Blogs > HNN > Murray Polner: Review of Michael J. Allen, Until the Last Man Comes Home: POWs, MIAs, and the Unending Vietnam War (North Carolina, 2009)

Sep 15, 2009 5:39 pm

Murray Polner: Review of Michael J. Allen, Until the Last Man Comes Home: POWs, MIAs, and the Unending Vietnam War (North Carolina, 2009)

A recent front page (Sept. 6) article in the New York Times tells the story of a Defense Department team searching a cow pasture in Germany for the remains of a bomber crew shot down in 1944. “Why after such a long time?” asked a farmer who as a boy had seen the crash.

Why, indeed? Michael J. Allen’s compelling book about the missing in Vietnam relies on unpublished government archives, POW accounts, family meetings, oral testimony, and the proceedings of the Senate Select Committee on POW/MIA Affairs (though no untranslated Vietnamese language sources). The post-Vietnam search for the missing is “unprecedented, despite the fact that their numbers [of MIAs, especially] were modest by historical standards.” 170,000 Northern soldiers from the Civil War never returned. Some 78,000-85,000 soldiers vanished during WWII and 56 years after the Korean War about 8,000 were never heard from again. “Even relatively brief American military engagements in the Mexican War and the First World War left greater numbers missing …when measured against smaller populations.”

Today an extensive and informative website ALL POW-MIA Archives ( describes itself as an "advocacy and intelligence index for POWs –MIAs Archives” and the Library of Congress has developed a huge database. POW/MIA flags still fly outside public and private buildings, all fifty states have a POW/MIA Recognition Day and the National League of Families of American Prisoners and Missing in Southeast Asia continues on despite the fact that the embargo of Vietnam has been lifted, Presidents Clinton and George W. Bush have visited Vietnam, trade between the two nations has mushroomed, and no-one in this country seems especially interested anymore.
While the search for the unaccounted for is certainly justified and memory of what that abysmal war caused is essential, the American defeat and the resulting MIA/POW cause unfortunately became fodder for the merciless political and culture wars that developed in the wake of the war. Scapegoats, after all, had to be blamed for failing to win the war and extremist prowar elements promoted a false “stab-in-the-back” hypothesis, a la the German far right after WWI.

In his absorbing addition to the immense literature on the war, Allen, who teaches history at Northwestern University, is sympathetic towards family members whose determination to find their loved ones has never flagged. But, as the German farmer asked the Times: “Why after such a long time?” And why did it embrace many more people than family members? Allen’s thesis is that the defeat, plus the suffering of captured and missing military men, was the way Americans with no personal stake in the war could deal with the defeat. Most POWs/MIAs were white, educated airmen –a statement I am unable to verify—with whom many Americans with no family members in the war could more easily identify He also argues that to many –by no means all-- relatives the fact that their lost family members had not been found was evidence they had been betrayed by their government.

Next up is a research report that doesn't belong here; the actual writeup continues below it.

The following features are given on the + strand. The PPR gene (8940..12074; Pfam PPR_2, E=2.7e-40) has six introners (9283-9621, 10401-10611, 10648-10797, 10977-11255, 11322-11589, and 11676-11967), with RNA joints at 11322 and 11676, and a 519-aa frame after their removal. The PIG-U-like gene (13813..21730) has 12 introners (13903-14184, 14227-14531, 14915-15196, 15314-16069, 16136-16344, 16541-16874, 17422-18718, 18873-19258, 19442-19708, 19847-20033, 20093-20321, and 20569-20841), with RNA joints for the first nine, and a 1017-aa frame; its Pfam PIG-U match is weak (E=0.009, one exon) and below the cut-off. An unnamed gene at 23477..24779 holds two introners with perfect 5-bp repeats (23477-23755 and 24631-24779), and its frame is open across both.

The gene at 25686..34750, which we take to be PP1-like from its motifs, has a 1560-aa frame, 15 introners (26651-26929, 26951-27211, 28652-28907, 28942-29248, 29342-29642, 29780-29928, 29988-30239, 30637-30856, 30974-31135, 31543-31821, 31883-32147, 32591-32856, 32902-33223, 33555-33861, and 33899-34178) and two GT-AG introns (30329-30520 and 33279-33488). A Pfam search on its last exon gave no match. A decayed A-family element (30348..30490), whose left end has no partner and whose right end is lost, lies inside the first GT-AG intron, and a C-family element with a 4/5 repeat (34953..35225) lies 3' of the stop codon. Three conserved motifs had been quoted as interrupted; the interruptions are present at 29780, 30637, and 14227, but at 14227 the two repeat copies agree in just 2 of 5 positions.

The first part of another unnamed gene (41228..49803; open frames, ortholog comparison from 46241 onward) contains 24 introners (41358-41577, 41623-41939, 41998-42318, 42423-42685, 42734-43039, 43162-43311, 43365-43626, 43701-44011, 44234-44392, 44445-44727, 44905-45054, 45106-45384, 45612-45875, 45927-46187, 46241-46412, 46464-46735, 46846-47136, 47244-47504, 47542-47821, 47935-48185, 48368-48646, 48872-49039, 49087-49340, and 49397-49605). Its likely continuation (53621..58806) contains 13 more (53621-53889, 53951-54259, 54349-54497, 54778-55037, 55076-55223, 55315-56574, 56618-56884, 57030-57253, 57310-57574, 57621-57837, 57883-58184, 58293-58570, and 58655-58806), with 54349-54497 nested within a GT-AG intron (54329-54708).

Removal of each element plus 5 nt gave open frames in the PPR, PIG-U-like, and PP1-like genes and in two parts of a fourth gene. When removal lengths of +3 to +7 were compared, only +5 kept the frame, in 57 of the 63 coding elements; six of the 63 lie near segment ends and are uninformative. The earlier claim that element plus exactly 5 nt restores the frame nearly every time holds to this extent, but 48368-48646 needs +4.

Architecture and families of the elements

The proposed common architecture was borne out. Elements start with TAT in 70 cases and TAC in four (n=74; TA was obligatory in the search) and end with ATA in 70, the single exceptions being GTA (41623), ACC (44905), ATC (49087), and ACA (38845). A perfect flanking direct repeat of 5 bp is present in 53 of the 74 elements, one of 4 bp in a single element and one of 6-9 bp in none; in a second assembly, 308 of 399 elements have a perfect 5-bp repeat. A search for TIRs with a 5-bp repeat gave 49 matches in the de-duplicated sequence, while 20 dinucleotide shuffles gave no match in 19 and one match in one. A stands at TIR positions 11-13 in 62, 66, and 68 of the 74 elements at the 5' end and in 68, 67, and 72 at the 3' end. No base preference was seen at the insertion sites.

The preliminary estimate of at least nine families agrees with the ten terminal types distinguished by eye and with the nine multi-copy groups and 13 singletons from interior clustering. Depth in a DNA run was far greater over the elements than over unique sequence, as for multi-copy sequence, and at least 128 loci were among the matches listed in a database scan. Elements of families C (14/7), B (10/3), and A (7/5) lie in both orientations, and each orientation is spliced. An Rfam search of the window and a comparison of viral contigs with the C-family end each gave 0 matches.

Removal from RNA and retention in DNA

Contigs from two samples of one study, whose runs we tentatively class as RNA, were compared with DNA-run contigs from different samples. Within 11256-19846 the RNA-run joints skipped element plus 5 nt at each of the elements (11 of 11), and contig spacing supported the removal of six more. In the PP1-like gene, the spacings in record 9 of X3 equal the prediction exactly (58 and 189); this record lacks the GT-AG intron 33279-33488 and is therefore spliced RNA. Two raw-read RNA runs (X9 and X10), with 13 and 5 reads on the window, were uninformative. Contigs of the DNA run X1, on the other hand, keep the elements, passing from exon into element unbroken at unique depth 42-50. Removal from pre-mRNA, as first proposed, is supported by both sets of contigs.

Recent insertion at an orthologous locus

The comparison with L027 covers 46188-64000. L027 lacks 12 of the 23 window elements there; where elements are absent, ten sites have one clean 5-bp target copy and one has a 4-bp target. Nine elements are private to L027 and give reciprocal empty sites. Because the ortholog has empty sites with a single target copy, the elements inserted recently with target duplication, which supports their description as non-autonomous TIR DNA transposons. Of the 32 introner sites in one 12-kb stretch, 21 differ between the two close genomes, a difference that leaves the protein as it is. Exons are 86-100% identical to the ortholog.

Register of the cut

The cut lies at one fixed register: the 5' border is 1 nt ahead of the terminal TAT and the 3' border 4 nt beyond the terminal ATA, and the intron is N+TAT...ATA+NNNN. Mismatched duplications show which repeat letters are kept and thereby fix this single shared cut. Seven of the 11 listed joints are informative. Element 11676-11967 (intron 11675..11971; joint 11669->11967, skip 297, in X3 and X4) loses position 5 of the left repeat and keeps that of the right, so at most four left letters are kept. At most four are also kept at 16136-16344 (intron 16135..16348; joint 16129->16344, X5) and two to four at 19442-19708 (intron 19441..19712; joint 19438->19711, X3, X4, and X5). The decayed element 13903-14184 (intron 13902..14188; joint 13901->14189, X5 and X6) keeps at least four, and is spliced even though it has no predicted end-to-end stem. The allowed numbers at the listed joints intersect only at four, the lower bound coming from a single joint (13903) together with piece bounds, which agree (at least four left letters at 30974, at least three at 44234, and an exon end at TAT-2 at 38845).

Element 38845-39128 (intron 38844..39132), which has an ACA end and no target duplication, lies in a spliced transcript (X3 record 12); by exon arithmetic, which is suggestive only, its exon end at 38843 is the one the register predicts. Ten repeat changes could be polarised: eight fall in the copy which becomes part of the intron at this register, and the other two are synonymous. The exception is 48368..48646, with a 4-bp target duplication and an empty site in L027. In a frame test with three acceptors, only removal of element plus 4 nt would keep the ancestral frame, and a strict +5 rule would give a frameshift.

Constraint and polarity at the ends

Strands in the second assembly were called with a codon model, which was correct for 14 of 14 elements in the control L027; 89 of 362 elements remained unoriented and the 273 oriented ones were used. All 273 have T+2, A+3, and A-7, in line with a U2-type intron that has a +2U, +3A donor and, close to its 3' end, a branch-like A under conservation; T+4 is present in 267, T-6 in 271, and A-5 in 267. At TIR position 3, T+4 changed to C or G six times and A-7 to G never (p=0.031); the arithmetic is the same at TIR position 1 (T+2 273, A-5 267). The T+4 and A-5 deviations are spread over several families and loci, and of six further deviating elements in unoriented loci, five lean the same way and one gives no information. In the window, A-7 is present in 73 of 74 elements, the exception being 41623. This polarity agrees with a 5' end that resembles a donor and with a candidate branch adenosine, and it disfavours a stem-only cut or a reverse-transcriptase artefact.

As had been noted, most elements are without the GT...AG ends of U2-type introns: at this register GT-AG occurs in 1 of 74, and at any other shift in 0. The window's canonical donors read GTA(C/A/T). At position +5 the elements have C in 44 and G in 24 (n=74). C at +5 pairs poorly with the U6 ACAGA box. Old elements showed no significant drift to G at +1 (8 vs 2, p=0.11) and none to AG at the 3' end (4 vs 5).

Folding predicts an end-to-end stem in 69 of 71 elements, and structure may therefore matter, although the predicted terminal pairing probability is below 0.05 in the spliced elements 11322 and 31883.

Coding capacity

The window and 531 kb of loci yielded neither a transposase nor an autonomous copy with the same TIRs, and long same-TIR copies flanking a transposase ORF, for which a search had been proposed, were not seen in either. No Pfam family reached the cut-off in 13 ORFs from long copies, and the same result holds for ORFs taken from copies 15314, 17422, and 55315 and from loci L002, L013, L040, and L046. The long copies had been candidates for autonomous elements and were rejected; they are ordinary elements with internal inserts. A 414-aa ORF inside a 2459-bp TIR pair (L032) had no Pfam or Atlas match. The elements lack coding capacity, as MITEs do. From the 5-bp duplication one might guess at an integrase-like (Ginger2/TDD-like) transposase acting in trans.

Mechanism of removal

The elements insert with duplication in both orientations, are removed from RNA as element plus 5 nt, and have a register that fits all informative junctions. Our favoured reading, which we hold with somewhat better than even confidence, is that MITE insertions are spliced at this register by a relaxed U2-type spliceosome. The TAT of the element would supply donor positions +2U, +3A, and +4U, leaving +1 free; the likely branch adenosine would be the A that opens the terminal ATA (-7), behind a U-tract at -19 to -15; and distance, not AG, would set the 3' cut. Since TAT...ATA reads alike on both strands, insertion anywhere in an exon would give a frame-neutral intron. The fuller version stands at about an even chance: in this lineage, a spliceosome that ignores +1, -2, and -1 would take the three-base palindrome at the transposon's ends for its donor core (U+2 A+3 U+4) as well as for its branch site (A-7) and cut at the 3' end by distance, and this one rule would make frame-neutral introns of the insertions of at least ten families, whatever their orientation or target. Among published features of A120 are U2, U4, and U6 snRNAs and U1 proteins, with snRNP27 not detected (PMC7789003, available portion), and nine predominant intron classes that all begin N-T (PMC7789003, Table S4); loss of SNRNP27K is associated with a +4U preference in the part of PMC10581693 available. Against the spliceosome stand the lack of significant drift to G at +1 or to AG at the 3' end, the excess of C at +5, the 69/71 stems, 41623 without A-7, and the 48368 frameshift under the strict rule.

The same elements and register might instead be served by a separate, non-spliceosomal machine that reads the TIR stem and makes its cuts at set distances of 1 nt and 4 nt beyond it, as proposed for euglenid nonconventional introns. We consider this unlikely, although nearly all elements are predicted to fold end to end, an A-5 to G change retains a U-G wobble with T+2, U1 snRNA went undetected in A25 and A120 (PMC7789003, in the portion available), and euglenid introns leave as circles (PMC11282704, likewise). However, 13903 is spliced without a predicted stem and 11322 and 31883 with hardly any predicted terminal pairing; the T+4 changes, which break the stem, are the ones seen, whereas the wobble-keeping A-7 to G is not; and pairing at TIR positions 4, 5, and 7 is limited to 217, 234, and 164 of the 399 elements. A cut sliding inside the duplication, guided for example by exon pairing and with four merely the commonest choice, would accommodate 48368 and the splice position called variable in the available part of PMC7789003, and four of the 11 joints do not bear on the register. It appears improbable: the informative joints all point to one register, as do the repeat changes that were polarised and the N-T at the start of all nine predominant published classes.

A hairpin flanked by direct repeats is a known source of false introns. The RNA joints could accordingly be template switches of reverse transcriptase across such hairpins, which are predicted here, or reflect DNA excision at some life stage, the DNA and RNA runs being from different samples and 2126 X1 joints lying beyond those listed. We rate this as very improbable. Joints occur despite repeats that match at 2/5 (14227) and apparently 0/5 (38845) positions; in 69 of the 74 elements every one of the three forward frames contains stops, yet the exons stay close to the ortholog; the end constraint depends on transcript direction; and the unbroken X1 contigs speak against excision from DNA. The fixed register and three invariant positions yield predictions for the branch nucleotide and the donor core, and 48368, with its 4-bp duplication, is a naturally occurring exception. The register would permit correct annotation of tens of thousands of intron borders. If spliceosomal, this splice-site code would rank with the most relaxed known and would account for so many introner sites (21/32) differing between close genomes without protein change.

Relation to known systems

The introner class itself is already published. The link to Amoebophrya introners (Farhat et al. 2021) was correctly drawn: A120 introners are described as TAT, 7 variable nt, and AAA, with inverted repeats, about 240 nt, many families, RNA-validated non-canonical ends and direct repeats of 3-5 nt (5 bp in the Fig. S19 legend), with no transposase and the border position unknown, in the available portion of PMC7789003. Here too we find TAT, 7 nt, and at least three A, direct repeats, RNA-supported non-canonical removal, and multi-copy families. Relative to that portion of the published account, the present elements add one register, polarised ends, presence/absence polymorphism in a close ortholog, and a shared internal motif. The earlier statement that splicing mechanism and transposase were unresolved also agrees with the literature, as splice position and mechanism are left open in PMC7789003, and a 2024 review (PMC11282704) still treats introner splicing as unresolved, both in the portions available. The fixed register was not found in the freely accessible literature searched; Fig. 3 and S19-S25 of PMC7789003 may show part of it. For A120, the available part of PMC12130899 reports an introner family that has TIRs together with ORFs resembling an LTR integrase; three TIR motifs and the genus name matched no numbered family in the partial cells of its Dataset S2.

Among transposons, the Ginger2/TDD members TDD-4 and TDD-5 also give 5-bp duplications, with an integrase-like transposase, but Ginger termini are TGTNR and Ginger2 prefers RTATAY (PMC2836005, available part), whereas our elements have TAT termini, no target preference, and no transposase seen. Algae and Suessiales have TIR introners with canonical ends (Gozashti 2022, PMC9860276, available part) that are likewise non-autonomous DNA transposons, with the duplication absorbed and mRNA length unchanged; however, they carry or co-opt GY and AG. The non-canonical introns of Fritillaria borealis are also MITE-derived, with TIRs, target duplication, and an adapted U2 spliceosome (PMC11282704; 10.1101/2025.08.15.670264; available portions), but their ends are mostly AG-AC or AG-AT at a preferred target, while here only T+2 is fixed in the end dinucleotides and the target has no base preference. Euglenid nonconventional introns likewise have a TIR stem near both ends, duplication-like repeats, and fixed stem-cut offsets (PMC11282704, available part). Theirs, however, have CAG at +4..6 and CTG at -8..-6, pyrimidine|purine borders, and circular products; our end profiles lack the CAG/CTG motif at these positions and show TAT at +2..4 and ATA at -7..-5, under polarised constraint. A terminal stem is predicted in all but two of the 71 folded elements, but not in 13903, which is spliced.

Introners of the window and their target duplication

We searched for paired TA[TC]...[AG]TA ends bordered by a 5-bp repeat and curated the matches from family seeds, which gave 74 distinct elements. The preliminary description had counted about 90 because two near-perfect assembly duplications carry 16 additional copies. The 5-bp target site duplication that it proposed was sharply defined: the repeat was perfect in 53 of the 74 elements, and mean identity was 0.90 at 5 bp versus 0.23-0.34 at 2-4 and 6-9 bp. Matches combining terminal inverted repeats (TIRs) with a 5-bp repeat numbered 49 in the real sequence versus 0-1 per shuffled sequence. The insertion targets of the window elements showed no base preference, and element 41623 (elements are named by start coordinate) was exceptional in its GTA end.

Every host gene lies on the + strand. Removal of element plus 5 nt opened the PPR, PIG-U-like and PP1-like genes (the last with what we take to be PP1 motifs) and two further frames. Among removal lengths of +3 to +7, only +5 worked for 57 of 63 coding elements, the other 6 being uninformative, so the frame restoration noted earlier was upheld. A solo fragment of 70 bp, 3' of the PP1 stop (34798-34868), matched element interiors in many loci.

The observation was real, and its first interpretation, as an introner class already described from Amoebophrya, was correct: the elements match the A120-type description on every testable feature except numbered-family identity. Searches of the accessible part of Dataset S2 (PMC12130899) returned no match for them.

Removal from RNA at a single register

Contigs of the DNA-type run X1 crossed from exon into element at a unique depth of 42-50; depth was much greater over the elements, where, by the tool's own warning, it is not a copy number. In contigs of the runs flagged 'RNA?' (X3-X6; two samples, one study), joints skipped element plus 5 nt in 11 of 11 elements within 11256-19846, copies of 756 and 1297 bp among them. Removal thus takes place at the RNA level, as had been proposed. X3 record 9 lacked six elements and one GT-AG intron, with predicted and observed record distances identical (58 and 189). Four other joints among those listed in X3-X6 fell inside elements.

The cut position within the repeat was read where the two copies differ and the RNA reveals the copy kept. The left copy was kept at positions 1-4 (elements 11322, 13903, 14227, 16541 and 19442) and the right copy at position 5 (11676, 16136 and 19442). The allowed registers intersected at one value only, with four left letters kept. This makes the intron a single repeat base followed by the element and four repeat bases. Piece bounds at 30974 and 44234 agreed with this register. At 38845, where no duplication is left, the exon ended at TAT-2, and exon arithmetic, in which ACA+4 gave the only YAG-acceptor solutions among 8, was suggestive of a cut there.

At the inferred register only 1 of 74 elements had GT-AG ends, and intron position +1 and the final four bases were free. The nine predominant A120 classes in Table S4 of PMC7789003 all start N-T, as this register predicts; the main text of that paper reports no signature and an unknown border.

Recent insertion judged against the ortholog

When a well -meaning George Bush Sr. addressed the National League convention in 1992 during his campaign for re-election, he began, “We live in a marvelous time” before people in the audience began chanting “No more lies! Tell the truth!” Stung, the President, a WWII veteran, responded in anger, “Are you calling me a liar?” Unpersuaded, a board member answered “If you want these people to vote for you bring our loved ones back home” while people in the audience shouted, “We won’t budge! Tell the truth!”

Bush may have blundered politically but he was correct is trying to move past a lost war and the suffering it caused. Especially painful for the activists was when veterans John McCain and John Kerry, both of who had served on the Senate Select Committee investigating the fate of MIAs visited Vietnam. For all this, both eventually paid a heavy price. It may be a stretch, but during the 2000 Republican presidential primary in South Carolina, where, given the dominance of the state’s right wing, Bush won big, McCain, the famous ex-POW, and his family, was viciously attacked by “MIA militants.” One McCain opponent dubbed him “The Manchurian Candidate” and a “counterfeit hero.” And in his presidential run in 2004 Kerry was subjected to a stream of unsubstantiated well-financed ads and films charging that he had lied about his service in Vietnam while far more significant national and international issues were ignored during the campaign. It was, writes Allen, “payback” time for both men.

In 1994 Bill Clinton finally terminated the embargo to virtually no public protest. Still, one MIA’s sister was furious. “They have thrown a few flight suits at us,” referring to the return of remains, [but] “they haven’t given us anything.” All the same, in Clinton’s first term, Allen tell us, 258 remains of MIAs had been found and identified—“more… than in any four-year period before or since.”

Allen naively concludes that Barack Obama’s election “suggests that the decades spent mourning those lost in Vietnam had left Americans leery of open-ended military commitments like those in Iraq and Afghanistan.” He is far too optimistic. Our two current wars continue with no end in sight. American troops are stationed in some 1000 bases throughout the world. More wars and therefore more POWs and MIAs [and KIAs] are very likely. Sadly, the majority of Americans continue to support our country’s historic addiction to wars, at least at the start, before the bodies are flown home for burial or the search for their remains begins.

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